Nor can he say the time. But Fosha said archaeologists know that South Dakota was dry and inhospitable from about 9,000 years ago to about 5,000 years ago. That makes it unlikely that there were many bison to kill or many hunters to kill them in that period. Fosha said the archaeological record suggests that many people who had been using the area now known as South Dakota probably migrated to other places during those harsh times - to the Ohio Valley or other river valleys, to Texas, to Canada.

About 5,000 years ago, he said - and after an interlude, again at about 3,000 years ago - there were cooler, moist conditions that allowed cool-season grasses to flourish.

“We see a change in climate and vegetation. We see a climate beneficial to bison. When they come back, people come back very quickly.”

Fosha said his initial guess is the site may have been used no earlier than 2,500 to 3,000 years ago, going by soils he sees at the site and what he knows of similar sites in eastern South Dakota. But Fosha would be delighted if the site proved to be older.

“I want to be wrong - very badly,” he said.

As he examined inch by inch the exposed bones, Fosha noted that the one bone that would provide the most information would be a jawbone with teeth. The collagen inside the teeth can be used to help date the bone very precisely, he said, while the height of the teeth can be measured to help estimate the time of the year, since new teeth in bison erupt on a fairly consistent monthly pattern. The teeth might even tell what kind of grass the animals were eating, which could give an indication of climate.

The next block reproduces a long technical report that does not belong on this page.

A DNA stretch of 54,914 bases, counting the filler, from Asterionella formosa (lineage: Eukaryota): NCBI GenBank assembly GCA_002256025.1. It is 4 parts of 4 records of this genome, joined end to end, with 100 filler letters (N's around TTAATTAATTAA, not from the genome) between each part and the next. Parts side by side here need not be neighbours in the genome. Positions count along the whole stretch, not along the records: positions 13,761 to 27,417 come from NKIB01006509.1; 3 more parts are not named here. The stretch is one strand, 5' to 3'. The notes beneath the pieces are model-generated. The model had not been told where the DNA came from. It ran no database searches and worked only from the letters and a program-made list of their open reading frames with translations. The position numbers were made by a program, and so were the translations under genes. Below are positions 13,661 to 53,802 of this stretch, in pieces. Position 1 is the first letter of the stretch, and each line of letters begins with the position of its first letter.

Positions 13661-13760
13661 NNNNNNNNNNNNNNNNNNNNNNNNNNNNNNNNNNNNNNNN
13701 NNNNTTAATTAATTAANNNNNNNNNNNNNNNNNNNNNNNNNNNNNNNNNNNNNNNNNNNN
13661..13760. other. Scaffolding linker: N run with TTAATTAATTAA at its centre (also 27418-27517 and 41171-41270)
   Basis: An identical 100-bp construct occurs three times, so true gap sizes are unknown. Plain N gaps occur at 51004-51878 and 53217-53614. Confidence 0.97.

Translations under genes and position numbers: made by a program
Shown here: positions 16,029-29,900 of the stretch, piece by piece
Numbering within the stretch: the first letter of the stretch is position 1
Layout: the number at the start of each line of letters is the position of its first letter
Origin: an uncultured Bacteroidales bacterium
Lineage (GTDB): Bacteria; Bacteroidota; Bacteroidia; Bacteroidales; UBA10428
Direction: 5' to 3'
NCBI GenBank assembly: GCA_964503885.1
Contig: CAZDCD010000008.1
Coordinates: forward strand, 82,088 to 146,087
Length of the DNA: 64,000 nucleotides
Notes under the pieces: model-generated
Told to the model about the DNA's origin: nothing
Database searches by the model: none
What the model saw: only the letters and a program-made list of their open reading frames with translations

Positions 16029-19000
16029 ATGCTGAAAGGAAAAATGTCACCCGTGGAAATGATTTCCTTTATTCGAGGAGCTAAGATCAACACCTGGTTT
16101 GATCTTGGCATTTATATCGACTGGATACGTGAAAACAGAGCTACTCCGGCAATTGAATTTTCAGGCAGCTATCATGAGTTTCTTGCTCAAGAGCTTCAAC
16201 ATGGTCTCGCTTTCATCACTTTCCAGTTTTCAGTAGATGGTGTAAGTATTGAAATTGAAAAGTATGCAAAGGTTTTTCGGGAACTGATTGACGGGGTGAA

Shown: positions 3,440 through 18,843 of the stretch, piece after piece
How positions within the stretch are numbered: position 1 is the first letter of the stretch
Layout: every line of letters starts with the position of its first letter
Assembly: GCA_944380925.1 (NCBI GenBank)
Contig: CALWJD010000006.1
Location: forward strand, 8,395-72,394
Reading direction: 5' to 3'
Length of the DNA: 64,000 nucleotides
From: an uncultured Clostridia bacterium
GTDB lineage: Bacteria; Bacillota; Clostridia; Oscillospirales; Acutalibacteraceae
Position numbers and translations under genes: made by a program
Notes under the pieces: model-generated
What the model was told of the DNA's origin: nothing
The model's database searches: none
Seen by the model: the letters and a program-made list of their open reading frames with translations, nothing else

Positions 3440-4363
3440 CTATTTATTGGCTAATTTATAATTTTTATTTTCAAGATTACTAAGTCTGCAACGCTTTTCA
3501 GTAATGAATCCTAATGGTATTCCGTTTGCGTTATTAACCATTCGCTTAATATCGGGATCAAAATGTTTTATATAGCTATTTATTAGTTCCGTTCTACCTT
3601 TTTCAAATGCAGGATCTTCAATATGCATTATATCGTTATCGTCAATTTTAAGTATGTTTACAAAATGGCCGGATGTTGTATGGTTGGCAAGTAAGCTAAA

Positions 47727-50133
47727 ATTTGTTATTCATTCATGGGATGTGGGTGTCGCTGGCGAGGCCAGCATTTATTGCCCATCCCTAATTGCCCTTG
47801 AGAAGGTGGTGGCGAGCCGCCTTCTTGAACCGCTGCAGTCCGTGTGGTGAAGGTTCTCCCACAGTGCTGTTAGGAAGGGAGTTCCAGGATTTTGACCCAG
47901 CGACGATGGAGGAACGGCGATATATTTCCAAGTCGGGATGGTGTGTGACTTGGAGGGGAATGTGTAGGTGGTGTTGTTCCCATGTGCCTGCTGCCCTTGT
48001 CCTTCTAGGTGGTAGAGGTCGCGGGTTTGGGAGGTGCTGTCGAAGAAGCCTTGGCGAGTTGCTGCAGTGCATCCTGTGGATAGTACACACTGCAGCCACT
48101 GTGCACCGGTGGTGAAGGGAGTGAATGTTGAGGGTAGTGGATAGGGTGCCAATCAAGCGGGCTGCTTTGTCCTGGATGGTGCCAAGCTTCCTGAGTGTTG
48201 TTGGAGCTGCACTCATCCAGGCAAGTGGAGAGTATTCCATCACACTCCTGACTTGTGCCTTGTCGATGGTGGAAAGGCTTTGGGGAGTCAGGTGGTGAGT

Shortly after noting that a mandible is what would give him the most information, he found one, with several teeth in it. With the permission of Dean and Candice Lockner and landowner Kay Fawcett - all three of whom were looking over his shoulder - Fosha carefully dug out the jawbone with a small trowel, placed it in a plastic bag and labeled it. He’ll take it away for testing.

Even once he knows the time, though, Fosha said he won’t know how the bison were killed, and he won’t understand some of the other mysteries of the site. For example, there is a layer of black soil in the exposed earth that suggests plants or organic material in the soil. That could be an indication that there was ponding on the site at some period.

“I can’t explain it yet,” Fosha said. “That’s why archaeology is so much fun.”

And, Fosha said, it’s rare to find a family such as Kay Fawcett and her daughter, Candice Lockner, and son-in-law, Dean Lockner, who are so keenly interested in preserving the history.

Candice Lockner, on her part, said it’s tantalizing to know that ancient hunters carried out a major hunt only a short distance from their farmhouse.

“It so exciting to know that, yes, they are bison bones. We haven’t been telling people wrong,” she said.

The Lockners and Kay Fawcett have been eager to see the site explored by trained archaeologists who can interpret what they find there for everyone.

“You can own the land, but you can’t own the history,” Candice Lockner told the Capital Journal (https://bit.ly/1NsBL7y ).


Information from: Pierre Capital Journal, https://www.capjournal.com